We are proud that the NAB is a family of bi-national churches that call Canada and the United States home. We also recognize that the recent US presidential election has a lasting impact on the world, especially for those of us in North America.
The American elections are done! Like a rollercoaster of twists and turns, creating at times both a sense of thrill and that tickling sense of nausea, this season of public debate over candidates and referendums has come to a stop. And like riders on a rollercoaster that has continued looping for too long, many are simply happy that this season of choosing is over and they can finally disembark, though with a bit of lingering vertigo.
While many were transfixed to televisions on Tuesday night watching election results run across their screens and listening to commentators strain to put an impossible electoral college puzzle together while fumbling for any new and coherent words to say, I was drawn to a different political function. Because a government entity is selling a piece of land to a developer, land that abuts my neighborhood, many of my neighbors and I were gathered at the official board meetings of the government entity.
The land in question is currently green space—open and vegetation-filled, with a herd of deer, rabbits, and even a few coyotes. Those who live adjacent to the green space or walk by it regularly have for years enjoyed this natural environment in the midst of a fairly congested community. My neighbors desire to see the land remain in this pristine state. The government entity, though, wants to sell the land to close financial gaps. The proceeds from the sale of the land would ultimately benefit the community as a whole.
It was this clash of opinions that brought us to the aforementioned board meeting. Though I was there merely out of curiosity, wanting a preview of what might be developed on that land, my neighbors were there to storm the bureaucratic fortress with metaphorical pitchforks and torches. Without elaborating, I can simply tell you that the meeting got ugly—or perhaps silly would be a better word. Like a room of junior high students not ready to get along, there were people interrupting, yelling, creating unneeded tension, and simply behaving badly. One shout of “Food fight!” and the raucousness of the evening would have escalated to a more chaotic level, I’m sure.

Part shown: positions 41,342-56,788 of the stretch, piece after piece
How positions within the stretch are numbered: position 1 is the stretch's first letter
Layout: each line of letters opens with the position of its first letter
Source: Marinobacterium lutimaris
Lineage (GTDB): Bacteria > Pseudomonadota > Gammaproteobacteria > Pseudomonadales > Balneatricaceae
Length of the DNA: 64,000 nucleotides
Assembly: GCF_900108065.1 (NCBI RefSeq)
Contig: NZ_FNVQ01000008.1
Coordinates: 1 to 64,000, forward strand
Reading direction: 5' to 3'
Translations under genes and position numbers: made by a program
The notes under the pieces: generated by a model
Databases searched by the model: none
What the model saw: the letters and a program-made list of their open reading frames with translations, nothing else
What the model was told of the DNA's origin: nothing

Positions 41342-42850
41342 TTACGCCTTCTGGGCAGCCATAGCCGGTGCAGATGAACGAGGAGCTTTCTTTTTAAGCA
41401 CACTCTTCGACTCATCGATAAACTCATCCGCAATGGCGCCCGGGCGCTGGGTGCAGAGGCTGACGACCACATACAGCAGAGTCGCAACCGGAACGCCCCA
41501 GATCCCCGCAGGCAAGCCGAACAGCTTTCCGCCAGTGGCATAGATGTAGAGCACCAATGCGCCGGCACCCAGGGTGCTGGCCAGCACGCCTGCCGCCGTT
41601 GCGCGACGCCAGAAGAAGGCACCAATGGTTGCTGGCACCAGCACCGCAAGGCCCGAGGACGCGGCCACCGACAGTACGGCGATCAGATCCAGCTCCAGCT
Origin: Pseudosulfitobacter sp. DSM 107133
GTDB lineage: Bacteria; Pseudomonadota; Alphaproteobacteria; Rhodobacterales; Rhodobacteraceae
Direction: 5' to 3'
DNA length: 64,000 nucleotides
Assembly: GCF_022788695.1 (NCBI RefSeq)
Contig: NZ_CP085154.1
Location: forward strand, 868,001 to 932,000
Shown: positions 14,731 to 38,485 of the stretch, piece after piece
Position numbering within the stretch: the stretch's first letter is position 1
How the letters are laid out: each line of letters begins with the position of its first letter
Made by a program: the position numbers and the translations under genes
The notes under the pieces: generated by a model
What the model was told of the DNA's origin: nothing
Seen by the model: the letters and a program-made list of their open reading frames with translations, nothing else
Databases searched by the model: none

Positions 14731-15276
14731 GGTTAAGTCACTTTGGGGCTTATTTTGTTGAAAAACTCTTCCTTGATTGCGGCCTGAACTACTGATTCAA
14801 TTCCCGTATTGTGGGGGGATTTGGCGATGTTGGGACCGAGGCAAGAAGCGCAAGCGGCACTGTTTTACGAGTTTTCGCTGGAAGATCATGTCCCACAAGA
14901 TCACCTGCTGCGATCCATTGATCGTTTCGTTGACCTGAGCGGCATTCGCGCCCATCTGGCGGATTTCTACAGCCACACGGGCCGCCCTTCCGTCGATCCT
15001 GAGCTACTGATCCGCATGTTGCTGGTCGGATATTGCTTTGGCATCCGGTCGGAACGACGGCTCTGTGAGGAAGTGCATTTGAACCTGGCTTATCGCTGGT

The core of the debate that night was not really about land, but about who got to control the decision about that land. It was truly the tension of control and loss of control. Politics can be seen, on at least one level, as the power of control: who gets to make the decisions for whom.
When Jesus was approached by the mother of James and John, she advocated that her sons receive seats of power and control in Christ’s kingdom. This request ignited a rift in the disciples. Gathering the now power-hungry disciples around Him, Jesus said, “You know that the rulers of the Gentiles lord it over them, and their high officials exercise authority over them. Not so with you. Instead, whoever wants to become great among you must be your servant, and whoever wants to be first must be your slave— just as the Son of Man did not come to be served, but to serve, and to give his life as a ransom for many” (Matthew 20:25–28 NIV).
While politicians jockey for the power of control, Jesus reminds His followers to wrap themselves in the towel of servanthood and to turn from a position of lording over to an attitude of lovingkindness. Whether the candidate, movement, or motion you were rooting for in the American election won or lost, let me remind you that our true king—King Jesus—calls us to lives of servant work. He calls us to give our lives away with raw abandonment.
A former Speaker of the United States House of Representatives wrote, “All politics is local.” Perhaps servant work starts local as well. So as we disembark from the ride of this season of elections, perhaps we as Christ-followers must move into a lifestyle of local servanthood, giving up our hunger for power to focus on the needs of others.
Perhaps we should all ask each other:
- Where are the lost in your environment who need the Gospel?
- Where are the widows and orphans in your community who need your care?
- Where are the hungry and homeless in your city who need your resources?
- Where are those who mourn in your neighborhood who need your comfort?
- Where are the hurting in your circle of influence who need healing?
- Where are the broken and the battered in your municipality that need building up?
One day, all elections will come to an end and all will kneel before King Jesus. At that time, may we the church hear His words to us, “Well done, good and faithful SERVANTS.” Until then, may we the church truly serve as a sign, servant, and foretaste of that eternal Kingdom.